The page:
13 – lucky or unlucky? I’m going to throw off some of the old superstitions of my mother and go with LUCKY 13. This week I completed my opening chapter draft which is due for my class today. Thirteen pages. A week ago I had nine pages and thought there wasn’t much more to add for the opening.
I stepped away for a couple of days. On Wednesday, I did a yoga class and that night, a flood of ideas came to me. Ways to make those nine pages better. Now, I think the plot is starting to take shape, the characters are emerging and I’m finding the opening time period fascinating (late 1890s). Anyone ever read The Awakening by Kate Chopin?
Last week, I posted the introductory paragraph as my start. This week, I have a new intro and thirteen pages. So, if you have tomorrow off for MLK, find you have a free 15-20 minutes and would like to read my 13 pages, just let me know. I prefer to not post drafts of my novel in this public blog for proprietary reasons. PM or email me. I’ll send you the PDF. Here’s the new intro:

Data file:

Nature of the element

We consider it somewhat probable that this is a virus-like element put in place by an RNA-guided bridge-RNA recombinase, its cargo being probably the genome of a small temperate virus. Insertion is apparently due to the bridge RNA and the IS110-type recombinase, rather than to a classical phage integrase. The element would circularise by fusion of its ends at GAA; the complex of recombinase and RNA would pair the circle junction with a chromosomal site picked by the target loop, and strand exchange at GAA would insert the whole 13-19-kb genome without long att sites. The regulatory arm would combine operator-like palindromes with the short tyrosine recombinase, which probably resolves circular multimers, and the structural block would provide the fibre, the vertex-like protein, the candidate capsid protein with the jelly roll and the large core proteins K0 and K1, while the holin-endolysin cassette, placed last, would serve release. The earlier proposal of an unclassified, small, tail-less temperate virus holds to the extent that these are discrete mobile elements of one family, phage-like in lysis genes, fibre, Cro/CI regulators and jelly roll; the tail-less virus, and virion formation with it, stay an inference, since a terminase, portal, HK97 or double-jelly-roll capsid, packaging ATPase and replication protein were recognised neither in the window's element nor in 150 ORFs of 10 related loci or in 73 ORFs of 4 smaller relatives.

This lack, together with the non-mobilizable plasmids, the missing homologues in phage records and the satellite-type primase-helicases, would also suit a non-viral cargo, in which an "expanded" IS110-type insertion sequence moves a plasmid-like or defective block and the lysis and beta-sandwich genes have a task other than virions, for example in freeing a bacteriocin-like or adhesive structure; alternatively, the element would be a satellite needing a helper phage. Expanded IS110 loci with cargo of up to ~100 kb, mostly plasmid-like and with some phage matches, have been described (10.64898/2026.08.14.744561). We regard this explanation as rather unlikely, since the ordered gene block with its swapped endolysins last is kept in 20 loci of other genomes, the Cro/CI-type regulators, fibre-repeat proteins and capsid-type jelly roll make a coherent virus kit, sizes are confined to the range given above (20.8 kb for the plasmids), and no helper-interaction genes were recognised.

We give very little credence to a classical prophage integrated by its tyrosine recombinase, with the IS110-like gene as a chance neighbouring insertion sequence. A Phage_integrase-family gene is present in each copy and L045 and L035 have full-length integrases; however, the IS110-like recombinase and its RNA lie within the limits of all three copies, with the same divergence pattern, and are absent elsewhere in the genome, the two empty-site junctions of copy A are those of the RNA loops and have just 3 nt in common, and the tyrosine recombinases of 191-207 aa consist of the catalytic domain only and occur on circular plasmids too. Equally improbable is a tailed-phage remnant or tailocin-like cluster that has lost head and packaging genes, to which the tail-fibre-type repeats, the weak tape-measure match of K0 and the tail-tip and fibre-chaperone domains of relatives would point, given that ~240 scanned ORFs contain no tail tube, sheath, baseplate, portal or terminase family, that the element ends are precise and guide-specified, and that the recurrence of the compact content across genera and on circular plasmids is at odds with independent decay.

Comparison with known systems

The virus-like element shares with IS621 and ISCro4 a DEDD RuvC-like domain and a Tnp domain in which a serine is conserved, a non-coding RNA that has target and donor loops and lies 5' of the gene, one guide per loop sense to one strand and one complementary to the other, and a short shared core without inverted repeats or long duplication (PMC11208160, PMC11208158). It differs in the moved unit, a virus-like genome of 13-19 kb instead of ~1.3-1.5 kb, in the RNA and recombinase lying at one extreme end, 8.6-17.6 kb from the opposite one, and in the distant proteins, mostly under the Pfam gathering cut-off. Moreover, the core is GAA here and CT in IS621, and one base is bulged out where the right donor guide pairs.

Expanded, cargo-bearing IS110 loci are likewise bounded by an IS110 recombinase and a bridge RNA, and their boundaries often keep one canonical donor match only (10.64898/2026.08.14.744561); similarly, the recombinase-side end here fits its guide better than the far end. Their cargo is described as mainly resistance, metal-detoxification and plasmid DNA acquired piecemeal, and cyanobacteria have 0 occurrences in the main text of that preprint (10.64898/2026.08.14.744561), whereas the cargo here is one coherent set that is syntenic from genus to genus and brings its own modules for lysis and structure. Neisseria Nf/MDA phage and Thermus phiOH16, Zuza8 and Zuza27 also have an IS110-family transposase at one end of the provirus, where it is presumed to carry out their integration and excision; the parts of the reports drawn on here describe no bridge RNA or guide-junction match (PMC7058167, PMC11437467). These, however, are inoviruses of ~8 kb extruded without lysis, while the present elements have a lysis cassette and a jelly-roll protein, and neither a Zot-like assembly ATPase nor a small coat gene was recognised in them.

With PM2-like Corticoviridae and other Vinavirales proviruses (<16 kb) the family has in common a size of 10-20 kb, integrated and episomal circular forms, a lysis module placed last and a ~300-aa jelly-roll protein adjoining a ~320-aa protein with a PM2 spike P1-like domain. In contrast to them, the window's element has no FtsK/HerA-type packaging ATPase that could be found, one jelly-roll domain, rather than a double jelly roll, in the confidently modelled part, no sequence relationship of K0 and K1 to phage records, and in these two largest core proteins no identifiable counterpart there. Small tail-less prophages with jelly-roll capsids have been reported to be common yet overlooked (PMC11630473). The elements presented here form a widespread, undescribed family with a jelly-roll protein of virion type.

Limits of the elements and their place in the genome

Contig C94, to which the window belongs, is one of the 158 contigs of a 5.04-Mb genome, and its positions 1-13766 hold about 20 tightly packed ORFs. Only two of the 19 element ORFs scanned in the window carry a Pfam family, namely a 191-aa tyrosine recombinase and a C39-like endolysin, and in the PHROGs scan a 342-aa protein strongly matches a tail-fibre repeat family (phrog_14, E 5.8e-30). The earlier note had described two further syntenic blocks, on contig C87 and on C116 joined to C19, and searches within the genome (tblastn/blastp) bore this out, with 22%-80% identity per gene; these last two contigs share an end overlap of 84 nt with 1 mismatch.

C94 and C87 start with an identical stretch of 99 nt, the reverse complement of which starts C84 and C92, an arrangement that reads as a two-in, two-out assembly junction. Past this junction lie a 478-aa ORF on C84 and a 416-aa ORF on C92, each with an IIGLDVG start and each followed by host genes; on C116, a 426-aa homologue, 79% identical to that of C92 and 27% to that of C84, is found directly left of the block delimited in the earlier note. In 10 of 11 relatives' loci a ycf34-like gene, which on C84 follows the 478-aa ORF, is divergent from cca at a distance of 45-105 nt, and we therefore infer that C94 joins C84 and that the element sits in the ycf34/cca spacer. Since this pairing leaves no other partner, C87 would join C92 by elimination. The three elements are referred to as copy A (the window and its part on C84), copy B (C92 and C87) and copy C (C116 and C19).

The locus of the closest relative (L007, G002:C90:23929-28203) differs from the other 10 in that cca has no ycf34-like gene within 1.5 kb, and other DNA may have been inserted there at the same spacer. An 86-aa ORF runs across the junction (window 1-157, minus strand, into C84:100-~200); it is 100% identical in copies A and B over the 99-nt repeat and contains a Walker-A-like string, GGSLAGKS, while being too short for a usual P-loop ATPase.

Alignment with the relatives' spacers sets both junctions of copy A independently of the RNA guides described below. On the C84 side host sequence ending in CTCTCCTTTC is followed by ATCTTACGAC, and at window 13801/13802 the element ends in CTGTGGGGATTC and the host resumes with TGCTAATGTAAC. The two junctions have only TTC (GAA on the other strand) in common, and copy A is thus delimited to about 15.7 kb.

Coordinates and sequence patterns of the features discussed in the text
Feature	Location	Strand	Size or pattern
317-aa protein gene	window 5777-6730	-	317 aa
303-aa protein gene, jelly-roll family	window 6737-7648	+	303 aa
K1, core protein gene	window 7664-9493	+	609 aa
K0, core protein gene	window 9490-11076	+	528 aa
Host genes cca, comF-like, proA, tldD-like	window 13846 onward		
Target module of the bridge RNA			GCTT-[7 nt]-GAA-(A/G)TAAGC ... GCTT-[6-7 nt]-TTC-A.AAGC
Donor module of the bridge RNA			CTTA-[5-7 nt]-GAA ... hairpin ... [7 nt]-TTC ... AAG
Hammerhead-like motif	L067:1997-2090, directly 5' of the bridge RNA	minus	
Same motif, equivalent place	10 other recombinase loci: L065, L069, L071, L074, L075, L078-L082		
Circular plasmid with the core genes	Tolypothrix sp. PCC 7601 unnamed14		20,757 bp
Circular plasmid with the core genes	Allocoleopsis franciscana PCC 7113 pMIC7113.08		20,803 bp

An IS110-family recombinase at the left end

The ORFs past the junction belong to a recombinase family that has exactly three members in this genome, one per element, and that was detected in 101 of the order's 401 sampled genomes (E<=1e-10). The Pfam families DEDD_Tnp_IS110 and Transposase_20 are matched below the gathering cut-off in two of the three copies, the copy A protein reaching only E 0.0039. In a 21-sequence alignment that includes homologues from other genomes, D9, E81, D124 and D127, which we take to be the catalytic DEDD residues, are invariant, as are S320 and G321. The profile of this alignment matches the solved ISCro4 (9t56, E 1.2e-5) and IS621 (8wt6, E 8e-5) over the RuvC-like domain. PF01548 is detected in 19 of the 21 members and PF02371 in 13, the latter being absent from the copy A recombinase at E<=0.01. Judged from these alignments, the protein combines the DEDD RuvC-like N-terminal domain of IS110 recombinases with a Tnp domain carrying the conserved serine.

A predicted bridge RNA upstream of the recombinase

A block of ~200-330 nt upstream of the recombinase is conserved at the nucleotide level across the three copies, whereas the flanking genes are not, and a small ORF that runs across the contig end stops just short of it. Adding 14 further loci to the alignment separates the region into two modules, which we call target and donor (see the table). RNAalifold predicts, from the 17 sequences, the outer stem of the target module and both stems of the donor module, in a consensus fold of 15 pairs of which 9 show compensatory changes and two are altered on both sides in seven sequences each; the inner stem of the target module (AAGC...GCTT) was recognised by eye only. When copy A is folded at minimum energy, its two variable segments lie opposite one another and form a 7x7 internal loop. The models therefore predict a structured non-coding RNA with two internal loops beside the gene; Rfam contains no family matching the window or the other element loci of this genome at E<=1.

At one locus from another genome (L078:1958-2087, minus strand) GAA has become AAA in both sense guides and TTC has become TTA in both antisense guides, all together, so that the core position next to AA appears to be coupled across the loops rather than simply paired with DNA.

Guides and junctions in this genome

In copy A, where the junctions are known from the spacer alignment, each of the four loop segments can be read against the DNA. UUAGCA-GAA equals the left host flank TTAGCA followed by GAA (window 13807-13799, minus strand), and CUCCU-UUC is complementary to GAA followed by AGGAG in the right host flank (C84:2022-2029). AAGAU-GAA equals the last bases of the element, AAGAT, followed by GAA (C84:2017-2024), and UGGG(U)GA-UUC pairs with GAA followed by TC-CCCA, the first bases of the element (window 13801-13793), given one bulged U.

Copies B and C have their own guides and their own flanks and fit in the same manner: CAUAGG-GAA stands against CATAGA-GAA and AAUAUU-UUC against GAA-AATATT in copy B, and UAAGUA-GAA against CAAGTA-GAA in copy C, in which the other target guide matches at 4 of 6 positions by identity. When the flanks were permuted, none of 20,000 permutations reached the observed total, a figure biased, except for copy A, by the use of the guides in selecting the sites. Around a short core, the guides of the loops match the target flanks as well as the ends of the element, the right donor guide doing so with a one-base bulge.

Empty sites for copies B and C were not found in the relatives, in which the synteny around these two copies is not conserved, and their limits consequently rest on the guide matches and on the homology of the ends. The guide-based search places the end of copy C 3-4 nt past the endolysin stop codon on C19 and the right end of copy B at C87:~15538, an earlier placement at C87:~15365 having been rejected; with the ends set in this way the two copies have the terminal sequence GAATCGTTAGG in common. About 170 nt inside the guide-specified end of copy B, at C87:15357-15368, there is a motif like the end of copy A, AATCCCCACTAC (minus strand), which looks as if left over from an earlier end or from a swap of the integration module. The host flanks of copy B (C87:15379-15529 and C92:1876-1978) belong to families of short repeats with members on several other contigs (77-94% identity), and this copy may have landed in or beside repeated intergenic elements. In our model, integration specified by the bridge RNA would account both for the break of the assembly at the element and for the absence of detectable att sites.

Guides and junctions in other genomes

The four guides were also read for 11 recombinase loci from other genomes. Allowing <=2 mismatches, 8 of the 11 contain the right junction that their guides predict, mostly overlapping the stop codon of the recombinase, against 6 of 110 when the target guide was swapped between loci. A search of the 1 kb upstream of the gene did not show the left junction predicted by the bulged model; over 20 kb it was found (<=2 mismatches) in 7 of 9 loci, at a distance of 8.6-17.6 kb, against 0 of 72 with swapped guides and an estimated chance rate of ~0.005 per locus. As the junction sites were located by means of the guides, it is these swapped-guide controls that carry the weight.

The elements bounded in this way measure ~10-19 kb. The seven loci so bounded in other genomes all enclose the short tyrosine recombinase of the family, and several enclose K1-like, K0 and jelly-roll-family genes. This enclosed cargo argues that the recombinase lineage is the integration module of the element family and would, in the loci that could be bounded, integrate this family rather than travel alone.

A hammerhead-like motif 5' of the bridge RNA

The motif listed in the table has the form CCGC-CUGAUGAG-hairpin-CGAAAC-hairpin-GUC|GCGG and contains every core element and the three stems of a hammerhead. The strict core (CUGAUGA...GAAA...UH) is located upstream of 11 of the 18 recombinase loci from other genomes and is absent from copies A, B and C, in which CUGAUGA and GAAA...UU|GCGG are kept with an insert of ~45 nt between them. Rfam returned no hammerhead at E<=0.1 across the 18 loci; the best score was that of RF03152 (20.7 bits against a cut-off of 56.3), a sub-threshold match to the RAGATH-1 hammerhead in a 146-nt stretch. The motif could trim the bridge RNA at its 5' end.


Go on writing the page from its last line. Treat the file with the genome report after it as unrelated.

A soft breeze flutters the rose-colored chintz curtains at the single, open window. Below the window, the small brick laid courtyard is edged with a bank of lilac bushes, bursting with their conical lavender clusters, each small petal carrying a hint of spring’s eternal freshness. The lilac scent settles within the warm air and enters, stirring the still, stale room. Eliza reclines in the needlepoint covered chair by the window, feeling the breeze as it sways the wisps of her auburn hair, relaxed and flowing before she’ll need to pin it up for dinner. The May issue of Harper’s Bazar sits in her lap. An uninspiring issue she thinks. The featured article is on “Cross-Country Riding”, the Hunt. Her few interactions with horses are climbing into a carriage and at her cousins’ country retreat. No new styles this spring. The cover is dreadful. A Plain Jane holding two cats. Cats belong in a barn hunting mice. She has tidied her bedroom and read two chapters of Wuthering Heights. Is this her fourth reading? Or fifth? Does it matter? Every time, Catherine marries Hareton. How she wishes she had accompanied Aunt Estelle to work today. Even if the court cases were mundane matter, at least she would have gotten out of the house. Her musings are interrupted.